Sunday, May 16, 2010

Judge Richard Posner of the U.S. Court of Appeals for the Seventh Circuit speaks candidly (if not controversially) about the current economic crisis and the financial markets in the United States at the Judicial Conference for the First Circuit held on May 13-14, 2010. What’s the relevance for Law 75?

What relevance could a conference about economics by a distinguished jurist have with the regulation of dealer contracts in Puerto Rico?

I was critical in my blog recently about the position espoused by an economics professor at another judicial conference a few weeks back favoring the repeal of Law 75 because of it allegedly causes artificially high consumer prices and hampers economic progress. My criticism was that proposals to amend or repeal legislation must be substantiated with reason in the facts and sound economic analysis.

Judge Posner seems to favor the Keynesian theory that market forces act on their own to correct irregularities in the financial markets and that more (or hastily-enacted regulation) is not the right answer.

Judge Posner described three fallacies that have been named to explain the situation with the financial markets in the United States, one, that the collapse was caused by over “greedy bankers”, second, that the recession ended last fall, and third, that there is a need for more regulation. In his view, Posner opined that the financial collapse was caused by various factors, including a freeze in consumer spending, heavy debt and unequal distribution of wealth, bad monetary policy, bad regulatory policy, and bad economists.

Judge Posner pulled all the stops when he blamed top-level regulators for the current financial crisis. He blamed Congress for an inept reaction or overreaction to the crisis. All congressmen and senators, except Barney Frank, know little or nothing about economic theory, Posner said.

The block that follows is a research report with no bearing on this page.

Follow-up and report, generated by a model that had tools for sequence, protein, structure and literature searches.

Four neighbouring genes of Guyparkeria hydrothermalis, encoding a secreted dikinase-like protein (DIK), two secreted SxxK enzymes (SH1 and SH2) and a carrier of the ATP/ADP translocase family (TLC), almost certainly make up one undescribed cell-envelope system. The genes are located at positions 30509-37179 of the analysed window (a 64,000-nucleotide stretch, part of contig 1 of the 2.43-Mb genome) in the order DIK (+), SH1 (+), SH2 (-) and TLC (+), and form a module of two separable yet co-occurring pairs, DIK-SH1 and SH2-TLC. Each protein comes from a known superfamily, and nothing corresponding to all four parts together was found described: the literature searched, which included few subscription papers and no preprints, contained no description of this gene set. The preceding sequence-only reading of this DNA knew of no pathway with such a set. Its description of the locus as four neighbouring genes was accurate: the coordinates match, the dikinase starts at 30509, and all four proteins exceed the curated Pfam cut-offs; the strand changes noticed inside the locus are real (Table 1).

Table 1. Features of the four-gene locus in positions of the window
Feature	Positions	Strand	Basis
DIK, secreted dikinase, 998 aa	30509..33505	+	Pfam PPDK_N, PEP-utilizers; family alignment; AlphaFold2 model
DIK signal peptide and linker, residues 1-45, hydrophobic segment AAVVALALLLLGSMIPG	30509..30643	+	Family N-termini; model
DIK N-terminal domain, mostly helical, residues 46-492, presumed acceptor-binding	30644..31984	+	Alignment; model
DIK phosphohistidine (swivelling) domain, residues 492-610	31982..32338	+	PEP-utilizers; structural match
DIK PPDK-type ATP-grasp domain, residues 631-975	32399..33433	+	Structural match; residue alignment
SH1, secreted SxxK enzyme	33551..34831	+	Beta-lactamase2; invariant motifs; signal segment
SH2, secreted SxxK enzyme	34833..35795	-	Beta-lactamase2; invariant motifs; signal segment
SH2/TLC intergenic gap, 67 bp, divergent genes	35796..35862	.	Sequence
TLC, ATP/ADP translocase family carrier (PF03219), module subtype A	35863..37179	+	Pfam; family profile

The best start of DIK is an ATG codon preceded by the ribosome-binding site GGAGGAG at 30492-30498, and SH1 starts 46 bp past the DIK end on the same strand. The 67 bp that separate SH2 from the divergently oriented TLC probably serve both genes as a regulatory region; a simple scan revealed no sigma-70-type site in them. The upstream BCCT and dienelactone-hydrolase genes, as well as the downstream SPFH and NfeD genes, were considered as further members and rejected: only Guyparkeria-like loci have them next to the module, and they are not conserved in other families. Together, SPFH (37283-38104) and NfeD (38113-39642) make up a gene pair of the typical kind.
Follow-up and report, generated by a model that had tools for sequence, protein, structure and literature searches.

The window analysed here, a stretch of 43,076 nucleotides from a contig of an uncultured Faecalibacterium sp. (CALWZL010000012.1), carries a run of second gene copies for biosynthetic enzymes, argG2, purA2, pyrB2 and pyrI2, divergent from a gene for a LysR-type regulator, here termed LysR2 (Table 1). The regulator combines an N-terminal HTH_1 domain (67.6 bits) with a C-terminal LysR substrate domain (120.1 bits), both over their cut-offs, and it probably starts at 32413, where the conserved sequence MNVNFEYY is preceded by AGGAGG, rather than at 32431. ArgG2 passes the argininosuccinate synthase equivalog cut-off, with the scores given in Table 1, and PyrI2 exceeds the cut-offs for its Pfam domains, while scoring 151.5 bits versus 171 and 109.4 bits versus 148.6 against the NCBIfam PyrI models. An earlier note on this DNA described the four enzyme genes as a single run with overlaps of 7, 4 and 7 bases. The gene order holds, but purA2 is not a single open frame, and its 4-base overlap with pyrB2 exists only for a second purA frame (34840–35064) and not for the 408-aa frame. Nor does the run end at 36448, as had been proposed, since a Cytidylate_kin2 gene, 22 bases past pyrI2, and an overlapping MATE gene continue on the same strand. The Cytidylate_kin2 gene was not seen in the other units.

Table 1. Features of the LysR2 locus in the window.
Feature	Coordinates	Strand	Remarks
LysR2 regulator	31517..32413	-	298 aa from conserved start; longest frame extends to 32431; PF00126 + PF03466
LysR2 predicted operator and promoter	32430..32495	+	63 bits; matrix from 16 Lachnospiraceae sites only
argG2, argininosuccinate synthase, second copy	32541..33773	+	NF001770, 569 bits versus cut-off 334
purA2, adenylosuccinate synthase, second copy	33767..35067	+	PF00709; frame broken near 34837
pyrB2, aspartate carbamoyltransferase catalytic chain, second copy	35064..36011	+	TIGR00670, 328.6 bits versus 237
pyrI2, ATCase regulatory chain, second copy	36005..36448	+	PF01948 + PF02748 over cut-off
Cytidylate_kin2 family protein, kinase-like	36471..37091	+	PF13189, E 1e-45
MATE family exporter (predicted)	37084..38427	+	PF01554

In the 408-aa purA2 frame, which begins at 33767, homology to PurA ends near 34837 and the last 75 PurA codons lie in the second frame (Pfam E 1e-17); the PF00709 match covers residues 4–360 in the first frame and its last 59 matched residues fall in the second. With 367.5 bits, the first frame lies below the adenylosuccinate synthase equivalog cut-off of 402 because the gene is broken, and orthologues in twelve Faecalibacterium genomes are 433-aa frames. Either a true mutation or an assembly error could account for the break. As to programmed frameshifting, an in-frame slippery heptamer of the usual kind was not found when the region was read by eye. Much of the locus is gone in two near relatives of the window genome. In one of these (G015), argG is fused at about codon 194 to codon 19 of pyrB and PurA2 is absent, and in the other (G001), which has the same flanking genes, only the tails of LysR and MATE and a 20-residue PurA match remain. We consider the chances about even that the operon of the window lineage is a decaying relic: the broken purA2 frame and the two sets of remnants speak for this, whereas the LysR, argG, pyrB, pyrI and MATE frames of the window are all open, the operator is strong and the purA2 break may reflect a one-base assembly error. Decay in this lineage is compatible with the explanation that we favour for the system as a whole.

Posner believes that the root of the current financial crisis (and the worst recession since the 1930’s) dates back to 2001 when the Federal Reserve substantially reduced short term interest rates. This caused mortgage rates to fall. Housing prices increased. A “bubble” was formed when adjustable rate mortgages made 100% financing possible and increased artificially the demand for housing. When the bubble burst in 2004, housing prices fell and this sent millions of people who had no equity to abandon their homes they could no longer afford. The banking industry and the financial markets that had heavily invested in housing collapsed. Posner opined that the government bailout of the financial institutions was necessary to prevent a bigger crash.

Finally, Posner believes there are impediments to short term economic recovery:

---Credit remains tight.
---Housing prices remain low.
---Unemployment remains high.
---The European financial crisis (and Greece’s financial collapse) will impact the U.S. economy.
---With the value of the Euro declining, U.S exports become more expensive.
---States and Cities in the U.S. remain in precarious financial positions or are bankrupt.
---The national debt in the U.S of 8 trillion dollars continues to rise.

In short, Posner believes there is no need for the creation of new government regulatory agencies and to pass hasty regulations to address the current economic situation.

As to Law 75. The same concern applies to those that are quick to single-out Law 75 as an evil for economic development in Puerto Rico and should be repealed. To state what should be obvious, no legislation should be passed or repealed without sound and reasoned analysis.